Perfect Puppy Problem Solving – Puppy Behavior (Part 2)
Puppy Behavior (Part 2)
Obsessive Behavior Is Not Healthy
Some puppies chase their tails over and over again, so much so that you have to physically stop them or they’ll spin until they drop. Some act like they’re snapping at bugs, but you can’t see any insects at all. Some puppies may chase reflections over and over. If your dog exhibits one of these behaviors consistently, it’s not a cute puppy antic. Please call your veterinarian for assistance. Your puppy may be ill and need professional help.
What Not to Do
So what if you decide that your puppy has a problem behavior? If you want to stop your puppy from doing something you don’t like, do not:
- Knee her in the chest
- Scruff shake her
- Spank her
- Flip her upside down or “alpha roll” her
- Yell at her
If you use physical means to try to change your puppy’s behavior, she may interpret your action as part of her game, so the behavior will actually get worse instead of better. (Have you ever seen two puppies or dogs playing together? They can play pretty roughly.) Or she won’t engage in the problem behavior anymore because you frightened her.
Sometimes, using harsh methods to discipline a puppy can seriously backfire. If you frighten your dog enough, she may feel that she has to defend herself. This doesn’t mean that she’s stubborn or defying you—she’s just frightened. For example, let’s say your puppy jumps up on you and you spank her. She doesn’t understand that you don’t want her to jump up—she just understands that you are scary. So she growls at you to tell you that she’s afraid and wants you to stop. You get really mad and spank her again. She figures that you didn’t understand her message the first time, so she has to be clearer. She bites you. Is she a stubborn, willful puppy? No. You’re both just communicating in very different ways. You’re spanking her, because you want her to stop jumping. She’s growling and biting, because she’s afraid of your anger.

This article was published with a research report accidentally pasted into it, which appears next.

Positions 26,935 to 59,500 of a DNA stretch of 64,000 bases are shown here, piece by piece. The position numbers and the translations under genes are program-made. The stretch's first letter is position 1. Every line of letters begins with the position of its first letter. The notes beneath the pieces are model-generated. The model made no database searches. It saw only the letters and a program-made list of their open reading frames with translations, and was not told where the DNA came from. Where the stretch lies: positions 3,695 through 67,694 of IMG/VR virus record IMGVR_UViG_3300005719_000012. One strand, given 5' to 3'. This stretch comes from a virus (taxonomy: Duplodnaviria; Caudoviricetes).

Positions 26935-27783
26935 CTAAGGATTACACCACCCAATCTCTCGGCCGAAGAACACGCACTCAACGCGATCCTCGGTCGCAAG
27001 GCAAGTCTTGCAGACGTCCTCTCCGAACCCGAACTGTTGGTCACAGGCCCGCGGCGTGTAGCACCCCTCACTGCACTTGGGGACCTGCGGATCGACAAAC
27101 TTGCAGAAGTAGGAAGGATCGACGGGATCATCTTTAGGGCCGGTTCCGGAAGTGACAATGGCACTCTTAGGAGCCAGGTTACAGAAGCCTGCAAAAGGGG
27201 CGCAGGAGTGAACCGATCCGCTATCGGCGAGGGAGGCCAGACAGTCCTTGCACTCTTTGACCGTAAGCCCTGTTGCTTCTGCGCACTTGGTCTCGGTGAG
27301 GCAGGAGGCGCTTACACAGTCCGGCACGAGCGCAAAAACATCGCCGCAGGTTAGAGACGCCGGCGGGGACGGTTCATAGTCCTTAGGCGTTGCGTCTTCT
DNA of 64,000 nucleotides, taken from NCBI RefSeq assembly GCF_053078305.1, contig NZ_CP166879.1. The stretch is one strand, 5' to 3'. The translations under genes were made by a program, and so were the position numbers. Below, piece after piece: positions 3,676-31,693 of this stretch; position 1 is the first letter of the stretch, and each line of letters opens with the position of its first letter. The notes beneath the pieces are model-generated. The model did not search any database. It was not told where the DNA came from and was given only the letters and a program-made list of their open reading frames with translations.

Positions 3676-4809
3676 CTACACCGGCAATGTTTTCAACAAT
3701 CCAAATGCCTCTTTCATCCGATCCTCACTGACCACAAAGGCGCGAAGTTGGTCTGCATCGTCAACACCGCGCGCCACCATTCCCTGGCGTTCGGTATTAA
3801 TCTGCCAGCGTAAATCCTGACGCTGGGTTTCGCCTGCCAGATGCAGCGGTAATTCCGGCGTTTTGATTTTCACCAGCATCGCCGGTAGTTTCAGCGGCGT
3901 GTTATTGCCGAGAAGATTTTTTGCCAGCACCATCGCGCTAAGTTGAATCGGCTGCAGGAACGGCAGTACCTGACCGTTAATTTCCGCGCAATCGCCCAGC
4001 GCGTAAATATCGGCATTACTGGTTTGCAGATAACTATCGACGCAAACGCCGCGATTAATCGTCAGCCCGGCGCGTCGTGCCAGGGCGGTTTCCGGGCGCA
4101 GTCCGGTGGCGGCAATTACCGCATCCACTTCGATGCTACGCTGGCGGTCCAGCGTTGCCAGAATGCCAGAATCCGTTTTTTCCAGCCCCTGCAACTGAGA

What to Do
You do not need to use harsh methods to discipline your puppy. Instead of getting angry with her for a problem behavior, teach her what you’d rather her do instead. For every behavior that your puppy does that you don’t like, there are lots of preferable behaviors that you can teach her to engage in instead. For example, if you don’t like your puppy jumping, teach her to sit when she greets people. Instead of getting mad at her for chasing the cat, teach her the leave it cue so that she leaves the cat alone. This is a much more effective way of communicating with your puppy and solving problem behaviors.
Next Page >< Previous Page